Helping Florida's Educators Increase Student Achievement
Florida Dept. of Education awards USF College of Education additional $2.3 million for statewide learning project.
USF.edu News Writer
TAMPA, Fla. (Nov. 3, 2010) – For more than four years, USF's George Batsche and Michael Curtis have been focused on bringing research-based practices to more than 25,000 educators in the state of Florida – practices that help improve student learning and promote positive behaviors, giving children of all abilities the opportunity to succeed academically.
Professors in University of South Florida’s Psychological and Social Foundations Department and the Institute for School Reform in the College of Education, Batsche and Curtis received initial funding in 2006 to partner with the Florida Department of Education (FLDOE) to create Florida’s Problem Solving/Respond-to-Intervention (PS/RtI) Project. Recently, they received more than $2.3 million to continue the statewide project, bringing total funding over the last four years to more than $7 million.
The overarching goal of the PS/RtI Project is to provide successful outcomes for at-risk students and promote a sustained narrowing of the achievement gap for struggling learners, as well as accelerating the performance of high-achieving students. This is accomplished through professional development for educators and technical assistance to implement strategic academic and behavioral interventions using the PS/RtImodel.
“The infusion of the Problem Solving/RtI process into the schooling of America’s children and youth has expanded rapidly in school districts across the United States,” said Batsche. Recent data from the National RtI Adoption Survey indicate that 77 percent of U.S. school districts are implementing RtI at some level, compared to 24 percent in 2007. “These same data indicate that Florida is leading the nation both in the implementation of RtI and in district level commitment to that implementation.”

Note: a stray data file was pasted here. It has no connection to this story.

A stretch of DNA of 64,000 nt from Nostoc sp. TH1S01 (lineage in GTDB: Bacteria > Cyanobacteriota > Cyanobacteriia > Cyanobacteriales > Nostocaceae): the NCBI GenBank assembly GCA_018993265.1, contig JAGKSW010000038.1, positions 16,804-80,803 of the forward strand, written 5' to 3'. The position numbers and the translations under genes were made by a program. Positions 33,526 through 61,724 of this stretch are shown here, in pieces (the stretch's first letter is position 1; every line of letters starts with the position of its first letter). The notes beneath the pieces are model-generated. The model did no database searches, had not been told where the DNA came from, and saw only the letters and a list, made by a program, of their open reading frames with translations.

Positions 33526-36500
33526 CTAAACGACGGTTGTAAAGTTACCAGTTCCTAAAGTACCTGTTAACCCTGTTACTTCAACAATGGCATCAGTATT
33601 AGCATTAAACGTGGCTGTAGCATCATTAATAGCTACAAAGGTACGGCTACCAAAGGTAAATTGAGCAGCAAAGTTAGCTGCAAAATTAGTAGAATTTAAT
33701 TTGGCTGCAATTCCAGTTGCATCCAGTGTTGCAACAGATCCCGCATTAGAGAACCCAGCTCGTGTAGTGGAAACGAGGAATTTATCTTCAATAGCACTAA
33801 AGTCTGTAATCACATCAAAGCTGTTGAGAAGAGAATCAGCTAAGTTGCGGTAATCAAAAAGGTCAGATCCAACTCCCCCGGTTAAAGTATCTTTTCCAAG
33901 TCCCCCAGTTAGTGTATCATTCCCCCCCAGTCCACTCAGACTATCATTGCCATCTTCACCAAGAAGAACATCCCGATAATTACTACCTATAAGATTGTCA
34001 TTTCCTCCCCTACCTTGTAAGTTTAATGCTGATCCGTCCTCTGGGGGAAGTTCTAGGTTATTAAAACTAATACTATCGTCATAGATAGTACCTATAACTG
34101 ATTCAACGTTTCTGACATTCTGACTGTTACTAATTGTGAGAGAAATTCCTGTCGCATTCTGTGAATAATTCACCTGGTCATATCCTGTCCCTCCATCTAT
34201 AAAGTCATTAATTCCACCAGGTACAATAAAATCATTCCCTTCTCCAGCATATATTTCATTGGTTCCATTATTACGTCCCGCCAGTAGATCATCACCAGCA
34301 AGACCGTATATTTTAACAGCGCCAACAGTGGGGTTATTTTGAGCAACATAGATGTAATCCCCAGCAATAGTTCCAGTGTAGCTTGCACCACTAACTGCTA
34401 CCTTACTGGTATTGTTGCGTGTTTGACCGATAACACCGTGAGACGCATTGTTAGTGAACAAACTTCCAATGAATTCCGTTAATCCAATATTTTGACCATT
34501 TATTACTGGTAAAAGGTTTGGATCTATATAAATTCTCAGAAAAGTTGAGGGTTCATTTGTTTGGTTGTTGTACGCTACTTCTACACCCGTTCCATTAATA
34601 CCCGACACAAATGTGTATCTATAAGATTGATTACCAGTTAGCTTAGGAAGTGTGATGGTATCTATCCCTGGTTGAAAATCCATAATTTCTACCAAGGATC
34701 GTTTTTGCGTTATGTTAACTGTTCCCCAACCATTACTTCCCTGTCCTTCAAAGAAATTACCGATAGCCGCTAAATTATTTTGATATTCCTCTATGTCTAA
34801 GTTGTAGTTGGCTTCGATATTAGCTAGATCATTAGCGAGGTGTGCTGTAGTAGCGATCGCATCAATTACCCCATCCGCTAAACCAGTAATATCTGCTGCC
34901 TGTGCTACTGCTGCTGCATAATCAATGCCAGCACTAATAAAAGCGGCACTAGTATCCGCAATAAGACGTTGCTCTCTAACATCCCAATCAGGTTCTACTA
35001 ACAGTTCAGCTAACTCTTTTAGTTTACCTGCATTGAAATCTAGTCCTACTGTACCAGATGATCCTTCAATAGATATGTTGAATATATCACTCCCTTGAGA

“We are pleased to continue our partnership with the Florida Department of Education in this statewide effort to improve student learning,” said USF College of Education Dean Colleen S. Kennedy. “And we are proud of the critical leadership role Drs. Batsche and Curtis continue to take in its implementation throughout Florida.”
Used as a process for addressing the myriad academic and behavior concerns that can impact student learning, RtI can identify students for early intervening services and supports and provide a framework for ongoing analysis, goal setting, development and implementation of intervention plans and monitoring of intervention effectiveness.
According to Batsche, the recent award will support the second phase of RtI implemention in all school districts in Florida, including the delivery of technical assistance and professional development to district-level leadership teams to build local capacity to implement RtI. In addition, the award will support expansion to middle- and high-school levels and help implement an evidence-based coaching model and a program evaluation model that local districts can use to assess impact on student outcomes.
The PS/RTi Project team recently completed a three-year program evaluation that resulted in evidence-based practices to assist districts in scaling up RtI in the most efficient and cost-effective manner. School-based teams from each of the 67 school districts in Florida have been trained by the project and each district sent teams to Training of Trainers Institutes to develop the capacity to deliver professional development at the local level.
Moving forward, the project will collaborate with the Florida Positive Behavior Support Project based in the College of Behavioral and Community Sciences’ Florida Mental Health Institute to ensure that both the academic and social/behavioral needs of all students are met.
“We are very excited about this additional funding awarded to the project,” said Curtis, “And we look forward to the opportunity to continue the implementation of an instructional process that accelerates the performance of all students.”
Mary Beth Erskine can be reached at 813-974-6993.